April 30, 2014
Women Must Not Be Taxable!

Hortensia! Look what this incredible woman did in the Roman Forum before the triumvirs Mark Anthony, Octavian and Lepidus—three men whose hands were full of blood and whose names were the terror of the enemies of Rome. Hortensia bravely walked to the Roman Forum and confronted the three with no fear. It was 42 BC and Rome was about to become one of the greatest Empire of all times. At that time the triumvirs were at war with Brutus and Cassius—assassins of Julius Cesar—and desperately needed money. So they decided to impose a tax on the Roman 1,500 wealthiest women, a request as unheard as it could be in Ancient Rome. The three guys thought they could count on the women’s silence. Wrong. Not having any say in politics, the women were actually furious at being taxed. So, they sent Hortensia:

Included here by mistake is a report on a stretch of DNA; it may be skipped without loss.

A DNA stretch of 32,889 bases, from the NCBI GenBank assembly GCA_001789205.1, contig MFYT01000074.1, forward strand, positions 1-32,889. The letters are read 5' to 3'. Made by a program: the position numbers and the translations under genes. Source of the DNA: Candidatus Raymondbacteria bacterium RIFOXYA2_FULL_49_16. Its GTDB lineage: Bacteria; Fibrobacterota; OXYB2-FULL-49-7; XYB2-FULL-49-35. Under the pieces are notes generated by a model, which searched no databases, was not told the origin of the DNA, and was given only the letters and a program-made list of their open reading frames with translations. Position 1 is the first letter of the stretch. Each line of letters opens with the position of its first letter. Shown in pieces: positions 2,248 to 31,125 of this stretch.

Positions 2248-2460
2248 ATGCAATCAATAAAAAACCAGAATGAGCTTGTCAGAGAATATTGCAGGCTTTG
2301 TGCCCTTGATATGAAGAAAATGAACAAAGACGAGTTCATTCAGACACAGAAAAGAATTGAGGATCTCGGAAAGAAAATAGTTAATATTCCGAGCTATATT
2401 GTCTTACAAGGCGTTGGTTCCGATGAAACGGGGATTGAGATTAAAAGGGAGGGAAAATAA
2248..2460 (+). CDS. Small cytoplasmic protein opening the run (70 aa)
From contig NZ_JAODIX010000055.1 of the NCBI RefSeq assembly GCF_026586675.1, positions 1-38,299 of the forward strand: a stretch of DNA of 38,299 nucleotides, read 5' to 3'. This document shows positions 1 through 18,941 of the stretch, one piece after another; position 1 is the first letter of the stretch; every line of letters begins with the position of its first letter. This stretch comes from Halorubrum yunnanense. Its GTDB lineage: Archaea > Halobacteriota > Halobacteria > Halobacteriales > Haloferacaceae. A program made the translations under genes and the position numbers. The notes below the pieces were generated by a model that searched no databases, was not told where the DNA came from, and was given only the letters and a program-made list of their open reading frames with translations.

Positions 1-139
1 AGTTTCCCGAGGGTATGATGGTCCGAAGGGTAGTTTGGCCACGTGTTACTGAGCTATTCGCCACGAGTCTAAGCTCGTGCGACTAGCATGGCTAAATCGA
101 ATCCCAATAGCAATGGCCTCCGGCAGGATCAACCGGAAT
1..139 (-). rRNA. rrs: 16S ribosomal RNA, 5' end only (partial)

“You have already deprived us of our fathers, our sons, our husbands, and our brothers, whom you accused of having wronged you; if you take away our property also, you reduce us to a condition unbecoming our birth, our manners, our sex. Why should we pay taxes when we have no part in the honors, the commands, the state-craft, for which you contend against each other with such harmful results? ‘Because this is a time of war,’ do you say? When have there not been wars, and when have taxes ever been imposed on women, who are exempted by their sex among all mankind?”

Antony, Octavian, and Lepidus, were forced to soften their requests, and Hortensia passed in history for being the first woman to public challenge gender roles and men’s power in the very heart of men’s power, the Roman Forum.